Pete Souza is one of the best-known names in photography. An experienced photojournalist, he has the distinction of having served as White House photographer for two presidents: Ronald Reagan and Barack Obama. Since leaving the White House in 2017, Pete has stepped out from behind the camera, and most recently he has been putting his images to work using Instagram to pointedly highlight the differences in style – and policy – between the last president and the current occupant of the White House.
‘The Way I See It‘, a new documentary film based on Pete’s books ‘Obama: An Intimate Portrait’ and ‘Shade: A Tale of Two Presidents’ , opens soon. Ahead of its premier on September 18th, I had the chance to speak to Pete about his work in the White House, what makes a good presidential photographer and why he’s no longer content to let the pictures do the talking.
The following interview has been edited lightly for clarity and flow.
What kind of people make good White House photographers?
It’s helpful to have a background in photojournalism. And I think it’s also helpful to have the ability to disappear, if you will, in terms of going about the job with a small footprint. That’s things like not carrying loud cameras, not using motor-drive, remembering that you’re an observer, not a participant. Learning how to move about in those circumstances.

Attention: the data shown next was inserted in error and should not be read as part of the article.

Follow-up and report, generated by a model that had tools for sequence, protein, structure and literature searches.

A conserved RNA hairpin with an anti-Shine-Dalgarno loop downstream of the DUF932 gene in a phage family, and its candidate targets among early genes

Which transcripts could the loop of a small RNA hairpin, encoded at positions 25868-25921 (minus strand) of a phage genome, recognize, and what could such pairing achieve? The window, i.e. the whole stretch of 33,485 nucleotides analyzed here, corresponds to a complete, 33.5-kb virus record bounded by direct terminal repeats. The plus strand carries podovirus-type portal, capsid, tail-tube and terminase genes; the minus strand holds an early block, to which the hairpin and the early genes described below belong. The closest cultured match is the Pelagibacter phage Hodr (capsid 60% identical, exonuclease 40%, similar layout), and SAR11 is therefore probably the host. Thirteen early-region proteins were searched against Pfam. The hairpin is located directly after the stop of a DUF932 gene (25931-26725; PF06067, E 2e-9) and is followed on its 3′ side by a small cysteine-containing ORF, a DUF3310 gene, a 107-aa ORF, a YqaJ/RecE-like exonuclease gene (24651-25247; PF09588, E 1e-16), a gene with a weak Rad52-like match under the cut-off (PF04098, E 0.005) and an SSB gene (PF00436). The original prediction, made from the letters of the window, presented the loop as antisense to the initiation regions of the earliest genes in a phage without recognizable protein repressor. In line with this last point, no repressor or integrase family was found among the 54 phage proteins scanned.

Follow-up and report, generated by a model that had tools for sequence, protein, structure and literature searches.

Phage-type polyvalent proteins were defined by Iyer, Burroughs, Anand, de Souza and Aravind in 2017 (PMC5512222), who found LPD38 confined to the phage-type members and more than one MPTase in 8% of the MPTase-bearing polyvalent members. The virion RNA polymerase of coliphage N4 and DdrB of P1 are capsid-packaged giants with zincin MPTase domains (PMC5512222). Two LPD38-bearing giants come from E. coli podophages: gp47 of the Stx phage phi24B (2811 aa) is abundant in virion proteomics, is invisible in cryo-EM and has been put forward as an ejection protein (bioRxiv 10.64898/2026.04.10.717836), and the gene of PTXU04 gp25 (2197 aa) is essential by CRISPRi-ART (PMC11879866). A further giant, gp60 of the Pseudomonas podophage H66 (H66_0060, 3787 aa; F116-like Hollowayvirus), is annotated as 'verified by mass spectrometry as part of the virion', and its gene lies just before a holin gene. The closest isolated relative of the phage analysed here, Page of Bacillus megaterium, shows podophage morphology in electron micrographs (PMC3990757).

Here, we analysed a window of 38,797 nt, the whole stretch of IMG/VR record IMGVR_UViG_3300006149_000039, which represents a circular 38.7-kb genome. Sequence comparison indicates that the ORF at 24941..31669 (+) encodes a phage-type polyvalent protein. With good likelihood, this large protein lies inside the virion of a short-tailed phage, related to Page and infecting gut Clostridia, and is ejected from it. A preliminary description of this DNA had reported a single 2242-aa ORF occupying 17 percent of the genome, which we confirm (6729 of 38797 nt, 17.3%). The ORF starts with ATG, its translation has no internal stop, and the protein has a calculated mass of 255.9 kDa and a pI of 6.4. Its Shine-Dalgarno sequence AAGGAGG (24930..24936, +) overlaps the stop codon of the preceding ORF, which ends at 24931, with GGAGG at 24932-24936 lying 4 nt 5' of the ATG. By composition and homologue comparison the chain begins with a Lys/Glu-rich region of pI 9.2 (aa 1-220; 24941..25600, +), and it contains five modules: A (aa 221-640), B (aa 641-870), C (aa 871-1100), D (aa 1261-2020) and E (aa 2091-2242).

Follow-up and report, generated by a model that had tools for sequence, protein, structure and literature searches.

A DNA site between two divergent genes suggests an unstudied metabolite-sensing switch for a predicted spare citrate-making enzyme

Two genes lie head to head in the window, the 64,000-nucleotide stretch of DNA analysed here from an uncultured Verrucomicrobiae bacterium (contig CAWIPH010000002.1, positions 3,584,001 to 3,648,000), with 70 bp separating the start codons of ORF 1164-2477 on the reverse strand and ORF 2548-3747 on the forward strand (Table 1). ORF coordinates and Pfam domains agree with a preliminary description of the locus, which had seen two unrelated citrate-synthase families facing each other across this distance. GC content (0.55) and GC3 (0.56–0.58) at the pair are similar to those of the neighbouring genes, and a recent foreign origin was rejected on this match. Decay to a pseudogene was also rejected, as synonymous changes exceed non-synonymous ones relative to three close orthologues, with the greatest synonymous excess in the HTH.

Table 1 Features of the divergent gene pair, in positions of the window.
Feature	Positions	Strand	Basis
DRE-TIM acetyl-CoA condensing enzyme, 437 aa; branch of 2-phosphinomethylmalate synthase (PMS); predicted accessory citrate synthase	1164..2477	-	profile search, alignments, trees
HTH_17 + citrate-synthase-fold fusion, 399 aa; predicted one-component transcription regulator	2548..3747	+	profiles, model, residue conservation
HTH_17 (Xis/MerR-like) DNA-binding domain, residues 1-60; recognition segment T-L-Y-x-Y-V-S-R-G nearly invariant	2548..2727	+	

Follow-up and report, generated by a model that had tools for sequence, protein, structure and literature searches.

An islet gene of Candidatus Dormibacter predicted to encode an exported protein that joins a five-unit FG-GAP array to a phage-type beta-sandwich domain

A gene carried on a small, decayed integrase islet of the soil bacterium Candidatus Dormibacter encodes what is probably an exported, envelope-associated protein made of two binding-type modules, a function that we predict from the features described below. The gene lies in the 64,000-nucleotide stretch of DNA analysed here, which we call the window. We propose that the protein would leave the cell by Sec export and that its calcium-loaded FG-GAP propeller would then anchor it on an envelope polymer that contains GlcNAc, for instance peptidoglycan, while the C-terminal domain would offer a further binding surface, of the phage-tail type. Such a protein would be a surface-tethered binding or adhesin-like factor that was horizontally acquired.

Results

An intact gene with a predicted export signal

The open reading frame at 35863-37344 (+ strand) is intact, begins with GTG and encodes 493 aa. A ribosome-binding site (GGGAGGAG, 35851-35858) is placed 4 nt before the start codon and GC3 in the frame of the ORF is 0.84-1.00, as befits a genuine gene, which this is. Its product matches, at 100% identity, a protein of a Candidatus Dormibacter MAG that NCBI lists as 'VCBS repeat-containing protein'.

I think depending on the president, the [desired] qualities may vary a little bit, but that’s my approach anyway. It worked for me.
Do you think that photographs of an administration can help shape the way that history sees it?
For sure. To quote Michelle Obama, someone I respect a lot, she says that the presidency doesn’t change who you are, it reveals who you are. I think the same is true of the photographs. The behind the scenes photographs of a president reveal the character of that person. I think that’s pretty clear, and has been basically since we’ve had that position of White House photographer, since the Kennedy administration. We’ve had a pretty good idea of what presidents are like, and their true character, based on the behind the scenes photographs.
President Barack Obama walks along the West Colonnade of the White House with Chief White House Photographer Pete Souza Feb. 18, 2016. (Official White House Photo by Lawrence Jackson)
Photo by Lawrence Jackson / The White House